On Tuesday, December 15th, I led the students in a number talk on fractions. Diane and asked me to design a fractions number talk since her students had been working on fractions during their math workshop. I thought of using the easier operation of adding fractions but setting the challenge in the problem with unlike denominators. The denominators I chose could lead to a large common denominator or a smaller one if the students reduced the fractions first.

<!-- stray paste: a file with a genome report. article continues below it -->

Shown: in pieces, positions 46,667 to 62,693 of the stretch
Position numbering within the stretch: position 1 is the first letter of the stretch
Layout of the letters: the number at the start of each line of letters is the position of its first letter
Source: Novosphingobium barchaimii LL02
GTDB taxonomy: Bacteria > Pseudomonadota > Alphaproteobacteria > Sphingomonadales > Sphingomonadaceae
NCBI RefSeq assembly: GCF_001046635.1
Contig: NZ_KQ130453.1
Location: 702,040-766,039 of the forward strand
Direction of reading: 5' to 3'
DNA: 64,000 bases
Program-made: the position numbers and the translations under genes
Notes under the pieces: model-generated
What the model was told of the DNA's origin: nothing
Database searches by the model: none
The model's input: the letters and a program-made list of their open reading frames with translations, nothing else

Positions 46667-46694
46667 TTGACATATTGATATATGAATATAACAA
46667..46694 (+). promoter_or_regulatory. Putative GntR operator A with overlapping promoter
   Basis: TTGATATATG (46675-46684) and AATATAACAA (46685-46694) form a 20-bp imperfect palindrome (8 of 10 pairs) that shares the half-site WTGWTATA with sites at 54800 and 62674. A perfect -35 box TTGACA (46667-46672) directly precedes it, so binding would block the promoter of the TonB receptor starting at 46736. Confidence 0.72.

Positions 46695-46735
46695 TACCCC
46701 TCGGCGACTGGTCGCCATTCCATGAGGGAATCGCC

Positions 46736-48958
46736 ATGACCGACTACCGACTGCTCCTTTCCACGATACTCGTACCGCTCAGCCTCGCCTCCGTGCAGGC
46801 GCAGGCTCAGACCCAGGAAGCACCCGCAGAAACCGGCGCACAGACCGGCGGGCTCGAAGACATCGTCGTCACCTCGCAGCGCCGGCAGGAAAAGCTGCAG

As our Number Talk progressed, the students shared responses and strategies that Diane and I both anticipated. Many students were able to see the relationship and equivalencies between fractions. Toward the end of the Number Talk, Diane and I were both incredible impressed by the flexible thinking from one of her fifth graders. Instead of trying to find common denominators with 8 and 10, the student thought of a way to make the denominator (8) of the first fraction (6/8) into the value of 10 in order to match the denominator of the second fraction (6/10). As a result he multiplied 8 by 1.25 in order to have common denominators of 10. What was interesting was he also multiplied the numerator by 1.25 to make it an equivalent fraction and got 7.5 as the numerator. That led to a wonderful conversation of whether you can have decimal numbers in a fraction. What do you think?